I am no longer afraid of math.  I know and understand what it takes to not just get by, but to do well in the subject.  That’s not to say that I’m going to change my major and suddenly embrace Mathematics.  If I have a say in it, I will never step foot in a math class again.  But the sense of accomplishment that I feel knowing that I swallowed my fear, looked straight into the eyes of the dragon and sliced it’s head right off is priceless to me.

Things I learned this week (July 18 – 22)

It’s Friday!  You know what that means, right?  It’s time to examine the things I learned this week.

This week I learned…

Head Baboon

…that I dont’ want to be the baboon in charge.  Playing second fiddle to the big cheese is better for your health.  All the benefits – none of the stress.

…that Jennifer Lopez should chalk this whole marriage thing up to experience and never, ever do it again.  It’s quite obviously not working for her.

…that I don’t have to go far if I wish to have a long life expectancy.  Of course, I’m pretty sure I’d much rather live somewhere else in my golden years.  A beach house in the Caribbean, a villa in Rome, or Börsborn, Germany.

…that New York is making good on a promise – never forget.

500 year old tree - Borsborn, Germany

…that pissing contests like these benefit no one – least of all the children who, I might remind these two governmental entities, are the future of our country.

…that I prefer my daughter’s summer gymnastics schedule.  I don’t know where all the obnoxious, nitwit stage moms have gone for the summer but I hope they stay there.  I can actually write in peace. 

…that sometimes I should keep things to myself.

…that having short, stubby legs might not be such a bad thing after all.

…that I still don’t understand what “ranch casual” is really supposed to entail.  Now they’ve thrown “summer ranch casual” at me.  I am equally perplexed by this concept.  Guess I’m going shopping.  Again.  This time, however, I draw the line at cowboy boots.  Not happening.

…that the pre-dawn landing of the space shuttle Atlantis was a beautiful and emotional thing.  The end of a wonderous era.  I’m glad I watched.

Pierre Duchame/Reuters

Guilty Pleasures

We all have them.  My husband is a lover of bubble gum pop.  I will tell you, there is nothing funnier than listening to him sing all the words to a Lady Gaga tune at the top of his lungs, while driving his very manly truck down the freeway.  It’s one of the reasons I love him. 

I have one too – guilty pleasure, that is.  The Real Housewives of (insert random city here).

Snicker away.  I’m not ashamed.  I’ll tell you why.

I’ve been a vocal opponent of “reality” television’s hostile take over of primetime scheduling for a very long time – since it’s onset in the early part of the last decade.  I would much rather go skinny dipping in a tank of hungry sharks than lower myself to the level of watching grown people eat bugs, sing bad karaoke or strategically sabotage each other all in the name of prize money.  Give me a well written drama or situation comedy or even a news magazine show highlighting a gruesome murder and I’m a happy girl.  Of course, every fall they give me exactly what I want only to yank it away ten episodes in and replace it with some mind-numbingly stupid game show or yet another version of the Bachelor/Bachelorette – because one’s true love can always be found by putting twenty men (or women) in a house together and making them compete for your affection – oh and a rose.  Absolutely, a sure-fire way to find your soul mate.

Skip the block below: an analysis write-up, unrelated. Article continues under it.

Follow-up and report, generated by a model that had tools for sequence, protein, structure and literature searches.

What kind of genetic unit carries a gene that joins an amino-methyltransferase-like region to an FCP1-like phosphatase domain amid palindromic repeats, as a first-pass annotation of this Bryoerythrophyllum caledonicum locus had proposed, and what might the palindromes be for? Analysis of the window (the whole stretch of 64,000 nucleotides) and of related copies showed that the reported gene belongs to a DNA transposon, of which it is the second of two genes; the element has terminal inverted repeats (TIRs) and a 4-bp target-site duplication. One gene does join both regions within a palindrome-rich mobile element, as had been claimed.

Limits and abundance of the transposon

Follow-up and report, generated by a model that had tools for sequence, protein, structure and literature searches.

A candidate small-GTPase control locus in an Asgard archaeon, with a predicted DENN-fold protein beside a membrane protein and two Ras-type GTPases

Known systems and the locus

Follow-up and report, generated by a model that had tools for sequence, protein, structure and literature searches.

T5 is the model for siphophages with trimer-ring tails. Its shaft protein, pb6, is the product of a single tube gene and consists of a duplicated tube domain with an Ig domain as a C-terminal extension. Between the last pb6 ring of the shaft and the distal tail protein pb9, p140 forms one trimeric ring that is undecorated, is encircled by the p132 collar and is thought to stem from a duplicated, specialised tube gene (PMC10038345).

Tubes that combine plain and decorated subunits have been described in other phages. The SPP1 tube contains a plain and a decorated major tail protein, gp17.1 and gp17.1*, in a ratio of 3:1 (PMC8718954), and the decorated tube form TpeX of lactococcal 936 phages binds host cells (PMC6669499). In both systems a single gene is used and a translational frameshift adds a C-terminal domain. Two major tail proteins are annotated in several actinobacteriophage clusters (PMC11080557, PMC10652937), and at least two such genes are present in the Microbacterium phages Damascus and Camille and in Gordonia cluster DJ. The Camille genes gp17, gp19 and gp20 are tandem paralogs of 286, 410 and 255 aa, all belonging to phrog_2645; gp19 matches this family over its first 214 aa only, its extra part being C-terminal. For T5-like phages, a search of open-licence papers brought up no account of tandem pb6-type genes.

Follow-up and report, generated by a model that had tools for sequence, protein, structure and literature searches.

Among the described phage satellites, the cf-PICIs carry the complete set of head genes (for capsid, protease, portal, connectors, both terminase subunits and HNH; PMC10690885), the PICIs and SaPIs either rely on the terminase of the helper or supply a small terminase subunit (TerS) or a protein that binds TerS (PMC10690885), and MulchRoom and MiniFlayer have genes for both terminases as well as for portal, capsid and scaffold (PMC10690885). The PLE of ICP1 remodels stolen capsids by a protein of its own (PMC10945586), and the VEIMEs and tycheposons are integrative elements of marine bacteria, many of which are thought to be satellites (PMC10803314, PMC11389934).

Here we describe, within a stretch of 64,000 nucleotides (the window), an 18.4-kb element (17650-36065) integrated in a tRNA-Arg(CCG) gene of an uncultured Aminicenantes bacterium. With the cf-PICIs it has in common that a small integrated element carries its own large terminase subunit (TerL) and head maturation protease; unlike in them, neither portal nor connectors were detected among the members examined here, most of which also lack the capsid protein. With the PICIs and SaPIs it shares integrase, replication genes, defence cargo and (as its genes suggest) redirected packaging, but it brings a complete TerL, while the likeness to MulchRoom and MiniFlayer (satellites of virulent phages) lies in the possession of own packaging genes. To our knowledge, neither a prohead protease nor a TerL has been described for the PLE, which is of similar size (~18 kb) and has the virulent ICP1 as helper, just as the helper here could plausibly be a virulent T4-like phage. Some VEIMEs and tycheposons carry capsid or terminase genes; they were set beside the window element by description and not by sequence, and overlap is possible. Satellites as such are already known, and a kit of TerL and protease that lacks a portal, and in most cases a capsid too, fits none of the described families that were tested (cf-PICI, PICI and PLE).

The fact that I am now a full-fledged Real Housewives junkie is a testament to the power of a flu-like illness.  About two years ago, I was lying in bed in a fever induced fog, flipping channels.  I blame the fact that I’m not an accomplished napper for the ease in which I was sucked into this franchise.  If I’d been asleep, like any normal person should have been, I would not have stumbled upon a Housewives marathon.  But I wasn’t and I did.  I don’t remember which city it was and it really doesn’t matter.  What I do remember is being completely mesmerized by the train wreck playing out before me on the screen.  It was absolutely breathtaking.  These women’s antics – all unscripted, of course (wink-wink) – were the funniest thing I’d ever witnessed on television.  I don’t think I have ever laughed so hard in my life.  I watched for two days straight and from that moment on I was hooked.

Now, two years later, there seems to been an endless stream of Housewives to choose from, for your viewing pleasure.  Just as one ends, another begins.  Right now, New York and New Jersey – my favorites by far. Why, you ask?  Could it be Ramona S’s crazy eyes and demands for cases of Pinot Grigio?  Teresa G.’s table flipping temper or her flair for um…fashion? Caroline M.’s voice of reason and sage advise?  Jill Z’s proclamations that “that’s just not who I am” (but she really is)? The Countess’ belief that using the word “darling” and dropping the names of European “royalty” we’ve never heard of makes you classy?  Or maybe it’s Dina M’s adorable Grandma Wrinkles?

I can’t decide.  It’s all so fabulous.

These women are like caricatures to me.  I equate them to characters I might find in saucy novel.  Not real housewives by any stretch of the imagination.  But, really, would a television show about real, honest to goodness housewives be any fun?  I think not.  I was a housewife once.  Nothing remotely interesting about it.  Unless you want to chronicle the number of times I was poo’ed on, puked on, or walked around in a sleep deprived trance.  I once put a carton of milk in the cupboard instead of the fridge and didn’t notice for several hours.  Funny?  Perhaps.  Television worthy? No.